Since 1989, Baker serves as a member of Israeli Ambassador at the Permanent Court Arbitration, an international institution with more than one hundred member countries, established in 1899 to permit international arbitration and other forms of dispute resolution between states, government institutions, organizations Binmmsltiim and private entities. Ambassador Baker also serves as a member of the International Institute of Humanitarian Law.

      Between 2001-2003, he headed a special team consisting of representatives of various government agencies and lawyers successfully negotiated compensation agreement compounded with Ukraine and Russia after the overthrow of civil aircraft with Israeli casualties and many Russians (2001-3).

      Between 1985-1989 he served, the Israeli government loan, the United Nations Secretariat senior lawyerly Attorney General’s Office of the UN, and also dealt with the international development agreements, Veterans Administrative Court of the United Nations and real estate legal advice on the United Nations in New York and other centers around the world.

      Israel’s ambassador to Canada (2004-2008), in addition to representation in Israel towards the government and people of Canada with all that entails in terms of political and PR, founded Ambassador Baker Chamber of Commerce in Canada – Israel and initiated increasing trade relations between the two countries are in the public sector and between entrepreneurs and companies in the private sector. He led bilateral agreements – lateral fields of agriculture, SF police, commercial, industrial research, and combating terrorism.

      Ambassador Baker has published articles on the International Criminal Court, international humanitarian law issues, the Middle East peace process and related water in the Middle East as a means of achieving peace. He regularly speaks on panels and on campuses on topics of international law, the peace process and international terrorism.

      In addition to companies in Israel Bar Association, Ambassador Baker is a member of International Law, the International Institute of Humanitarian Law, International Association of Lawyers and Jurists Jewish, and is a member of the Israeli panel of Arbitrators at the Permanent Court Hague.

      Alan speaks English and Hebrew.

      I would say he is at least as qualified as Crawford. Perhaps I’m showing my bias by putting Crawford’s credentials in quote marks, but it’s my blog and my bias!

      • Philip says:

        Fair enough. It’s your blog and your bias, but I just wanted to point it out. Always better to address people’s arguments rather than question their credentials, especially when they are so qualified!

  3. pola says:

    I am no legal expert. In truth I don’t even understand this blog item, but there is no mention of people. Are there Palestinians living there? What is their legal right? There is lots of talk about legal jargon and no talk of people. Besides the Israel settlers I can’t tell who live there. Besides the Israelis, and as a lover of Israel, we have a responsibility to everyone living there.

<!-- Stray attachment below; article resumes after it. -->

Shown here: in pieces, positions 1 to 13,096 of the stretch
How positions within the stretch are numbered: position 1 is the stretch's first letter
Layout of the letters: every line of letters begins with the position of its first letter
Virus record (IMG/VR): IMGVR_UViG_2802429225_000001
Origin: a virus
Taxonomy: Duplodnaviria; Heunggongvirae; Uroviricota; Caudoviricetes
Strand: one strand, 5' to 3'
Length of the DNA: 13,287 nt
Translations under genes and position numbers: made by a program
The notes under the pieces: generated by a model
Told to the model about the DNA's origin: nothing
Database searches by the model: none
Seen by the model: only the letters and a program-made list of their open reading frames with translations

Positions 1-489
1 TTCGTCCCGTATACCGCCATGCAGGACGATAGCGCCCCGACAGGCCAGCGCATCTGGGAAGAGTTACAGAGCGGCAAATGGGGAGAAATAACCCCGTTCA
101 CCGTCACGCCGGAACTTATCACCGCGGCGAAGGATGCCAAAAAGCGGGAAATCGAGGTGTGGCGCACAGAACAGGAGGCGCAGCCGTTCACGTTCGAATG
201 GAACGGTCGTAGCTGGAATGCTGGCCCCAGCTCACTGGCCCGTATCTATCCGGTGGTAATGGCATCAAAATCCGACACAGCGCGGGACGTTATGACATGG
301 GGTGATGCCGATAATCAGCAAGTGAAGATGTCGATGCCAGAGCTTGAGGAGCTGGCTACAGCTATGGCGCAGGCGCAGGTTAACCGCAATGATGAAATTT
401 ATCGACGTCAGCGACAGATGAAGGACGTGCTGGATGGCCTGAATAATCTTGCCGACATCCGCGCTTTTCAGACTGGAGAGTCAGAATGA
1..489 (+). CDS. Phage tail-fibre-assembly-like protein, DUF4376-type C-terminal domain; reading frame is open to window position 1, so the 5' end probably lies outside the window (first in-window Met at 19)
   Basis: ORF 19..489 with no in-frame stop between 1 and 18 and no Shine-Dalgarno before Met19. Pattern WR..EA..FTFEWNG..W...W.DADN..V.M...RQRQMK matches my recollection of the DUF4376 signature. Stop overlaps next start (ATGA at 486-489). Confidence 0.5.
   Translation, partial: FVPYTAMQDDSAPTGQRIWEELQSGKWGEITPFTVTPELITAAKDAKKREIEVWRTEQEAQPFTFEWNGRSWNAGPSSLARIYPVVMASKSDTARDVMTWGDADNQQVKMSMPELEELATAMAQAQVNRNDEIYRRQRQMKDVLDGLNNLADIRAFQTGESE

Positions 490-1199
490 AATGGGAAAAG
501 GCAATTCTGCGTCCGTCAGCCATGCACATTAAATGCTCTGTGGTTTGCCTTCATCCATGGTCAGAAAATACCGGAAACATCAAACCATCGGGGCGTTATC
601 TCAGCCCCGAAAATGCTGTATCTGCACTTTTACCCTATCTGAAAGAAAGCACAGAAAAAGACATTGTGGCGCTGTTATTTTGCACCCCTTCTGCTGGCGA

• anneinpt says:

      Pola, the committee was intended to deal with the land, not the people. No settlements have been built ever on land where Palestinians were already living. i.e. no Palestinians were evicted to build settlements. It appears there are some settlements built on land which Palestinians claim is theirs. Until now, if the Israeli courts deemed that the land belonged to the Palestinians they ordered the settlers removed and the houses destroyed. That is ridiculous because the land cannot be used by the Palestinians since it is always within Israeli controlled territory. The Palestinians should be given compensation instead.

      Just a few weeks ago when Israel evicted settlers from Givat HaUlpana in Bet El, it wsa first decided to destroy the houses. Meanwhile it has been resolved to be remove the houses without destroying them and place them elsewhere. But since the plot of land in that neighbourhood is within an existing legal settlement, there is no way that the Palestinian owner can use the land. He should be compensated instead, and this is part of what the committee wants to organize and standardize – the rules of ownership of the land, legalizing where necessary and compensating Palestinians owners.

      There is a problem (not addressed in the committee I think) in that Palestinian land-owners do not want to receive compensation from Israel because then they are viewed as having dealt with Israel and effectively “sold” their land to the Jews – which carries a death penalty under Palestinian and Jordanian laws. In this way any legal Jewish acquisition of territory in Israel in stymied. In any other country it would be called antisemitism.

      Nice people, huh?

  4. Pingback: Ariel “University Center” is now a full-fledged university | Anne's Opinions

  5. Pingback: The legal case for Judea and Samaria | Anne's Opinions

  6. Pingback: Reclaim the language, reclaim the land | Anne's Opinions